Commodity assignment help study about that derivatives are being used to hedge different types of risks faced by the individuals and firms. Commodity risk can also be hedged using both futures and option.Futures and options have different characteristics in terms of hedging and this can be explain in the following paragraphs.
The example to explain the hedging using the futures is NSW wheat. Its futures trade on the Australian Stock Exchange Account. When the assignment was started the NSW wheat price was ranging from AUD $250.00 to $300 (for the APW wheat in different regions of New South Wales). Intention is to purchase 20 ton of wheat in July 14. The following chart shows the price of the July14 future price of NSW wheat.
Following chart was available for July’14 futures of NSW wheat:
The quotation tick size is Australian $0.1 per tonne and it need to be settles as physical delivery. This is Australian grade wheat and is a minimum of GTA Wheat Standard APW1.
Commodity risk is faced by both seller and buyer of the commodity if the transaction has to be taken in the future. Seller faces the risk that the price will go down in the future than the current price. Buyer faces the risk that the price will go up in the future and thus he may be need to pay more than the current price. Futures fall under two categories, forwards and futures.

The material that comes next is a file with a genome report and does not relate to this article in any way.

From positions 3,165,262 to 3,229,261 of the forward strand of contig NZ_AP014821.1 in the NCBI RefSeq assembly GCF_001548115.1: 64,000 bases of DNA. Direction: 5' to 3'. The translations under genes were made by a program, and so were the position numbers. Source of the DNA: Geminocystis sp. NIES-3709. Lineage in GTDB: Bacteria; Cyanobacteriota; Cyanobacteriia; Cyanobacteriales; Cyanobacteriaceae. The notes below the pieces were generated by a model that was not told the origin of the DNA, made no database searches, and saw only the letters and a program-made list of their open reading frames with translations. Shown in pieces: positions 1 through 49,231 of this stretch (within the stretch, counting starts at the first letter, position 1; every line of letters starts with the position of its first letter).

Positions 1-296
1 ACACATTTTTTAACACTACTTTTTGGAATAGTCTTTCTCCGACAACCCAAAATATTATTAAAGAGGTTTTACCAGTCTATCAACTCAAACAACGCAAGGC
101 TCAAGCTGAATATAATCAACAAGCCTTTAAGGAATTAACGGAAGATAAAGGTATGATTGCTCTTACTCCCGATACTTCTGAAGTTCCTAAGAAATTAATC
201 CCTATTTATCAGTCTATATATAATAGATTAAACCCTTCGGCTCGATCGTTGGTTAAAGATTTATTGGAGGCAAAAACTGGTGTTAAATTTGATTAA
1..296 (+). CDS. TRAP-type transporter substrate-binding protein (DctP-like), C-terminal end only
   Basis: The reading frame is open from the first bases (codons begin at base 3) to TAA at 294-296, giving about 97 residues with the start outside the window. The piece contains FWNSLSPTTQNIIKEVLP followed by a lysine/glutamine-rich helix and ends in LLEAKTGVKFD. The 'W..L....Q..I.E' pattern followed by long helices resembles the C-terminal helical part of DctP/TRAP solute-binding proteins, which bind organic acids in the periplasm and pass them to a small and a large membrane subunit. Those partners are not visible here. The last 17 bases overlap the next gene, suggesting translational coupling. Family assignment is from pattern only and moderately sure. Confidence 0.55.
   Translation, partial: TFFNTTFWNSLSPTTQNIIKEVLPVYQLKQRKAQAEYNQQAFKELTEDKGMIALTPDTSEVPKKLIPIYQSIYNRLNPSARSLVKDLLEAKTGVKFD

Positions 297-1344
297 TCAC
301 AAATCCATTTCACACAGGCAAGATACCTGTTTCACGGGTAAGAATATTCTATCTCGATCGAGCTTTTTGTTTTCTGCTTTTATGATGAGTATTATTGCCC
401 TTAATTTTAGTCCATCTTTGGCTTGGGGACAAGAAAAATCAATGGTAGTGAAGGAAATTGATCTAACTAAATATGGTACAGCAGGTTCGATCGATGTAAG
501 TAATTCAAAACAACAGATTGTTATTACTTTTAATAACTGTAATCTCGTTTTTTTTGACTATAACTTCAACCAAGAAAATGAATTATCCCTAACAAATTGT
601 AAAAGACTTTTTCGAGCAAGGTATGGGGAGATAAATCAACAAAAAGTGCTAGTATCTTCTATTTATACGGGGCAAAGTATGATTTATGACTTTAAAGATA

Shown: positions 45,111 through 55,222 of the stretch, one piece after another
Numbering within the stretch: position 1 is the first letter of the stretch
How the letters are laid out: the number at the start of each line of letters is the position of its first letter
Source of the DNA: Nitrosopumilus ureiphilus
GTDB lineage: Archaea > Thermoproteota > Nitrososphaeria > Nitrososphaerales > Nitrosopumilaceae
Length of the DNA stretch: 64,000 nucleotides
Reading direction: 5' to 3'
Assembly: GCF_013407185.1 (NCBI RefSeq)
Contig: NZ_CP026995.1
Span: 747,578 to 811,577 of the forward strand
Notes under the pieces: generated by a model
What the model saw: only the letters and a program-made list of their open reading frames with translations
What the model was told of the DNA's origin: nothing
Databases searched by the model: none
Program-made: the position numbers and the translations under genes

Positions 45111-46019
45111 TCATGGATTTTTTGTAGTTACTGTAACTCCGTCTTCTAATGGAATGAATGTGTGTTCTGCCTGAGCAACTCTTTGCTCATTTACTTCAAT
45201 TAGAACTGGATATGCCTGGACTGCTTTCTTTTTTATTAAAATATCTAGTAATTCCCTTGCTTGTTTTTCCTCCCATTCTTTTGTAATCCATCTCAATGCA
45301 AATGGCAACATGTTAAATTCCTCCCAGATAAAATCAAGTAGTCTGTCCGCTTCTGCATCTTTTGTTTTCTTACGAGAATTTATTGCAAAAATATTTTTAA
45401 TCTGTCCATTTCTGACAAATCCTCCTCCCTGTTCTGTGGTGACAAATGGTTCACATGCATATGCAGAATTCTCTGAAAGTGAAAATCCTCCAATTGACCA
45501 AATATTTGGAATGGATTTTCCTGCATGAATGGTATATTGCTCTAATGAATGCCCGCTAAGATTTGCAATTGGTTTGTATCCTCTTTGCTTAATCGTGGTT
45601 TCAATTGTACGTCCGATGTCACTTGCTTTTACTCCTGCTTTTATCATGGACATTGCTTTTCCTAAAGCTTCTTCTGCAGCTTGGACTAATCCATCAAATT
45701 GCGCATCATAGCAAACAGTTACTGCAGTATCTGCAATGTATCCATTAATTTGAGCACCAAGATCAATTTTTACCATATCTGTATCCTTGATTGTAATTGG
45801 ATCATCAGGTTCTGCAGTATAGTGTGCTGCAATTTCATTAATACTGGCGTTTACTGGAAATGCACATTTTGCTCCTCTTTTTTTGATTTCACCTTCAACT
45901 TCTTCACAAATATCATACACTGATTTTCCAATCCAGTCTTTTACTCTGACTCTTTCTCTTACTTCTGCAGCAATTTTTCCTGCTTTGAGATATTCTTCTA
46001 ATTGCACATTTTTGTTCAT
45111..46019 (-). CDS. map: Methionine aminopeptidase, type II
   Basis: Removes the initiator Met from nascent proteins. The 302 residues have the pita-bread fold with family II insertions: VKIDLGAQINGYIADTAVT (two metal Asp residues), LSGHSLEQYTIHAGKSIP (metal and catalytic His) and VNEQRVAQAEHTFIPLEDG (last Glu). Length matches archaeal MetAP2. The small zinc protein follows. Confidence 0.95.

This is over the counter contract and it happens between two parties outside the exchange.A contract where a buyer and a seller agree upon a specified price, quantity and date of an asset. Here there is a risk for either of a party defaulting as there is no regulating party between them (Shimko, 1994).
They are similar to forwards trade which will be settled in future is called a Future. They are traded on stock exchanges and are guaranteed by exchange. Futures eliminate counter-party risk, such as the one in forward rate agreement. Some of the popular terminologies used in futures contract are:
- Spot price and future price difference is called as basis.
- Future price is price at which future contract trades in futures market.
- Tenure is the life time for which a future is traded.
- Expiry date is the date of settlement of future contract.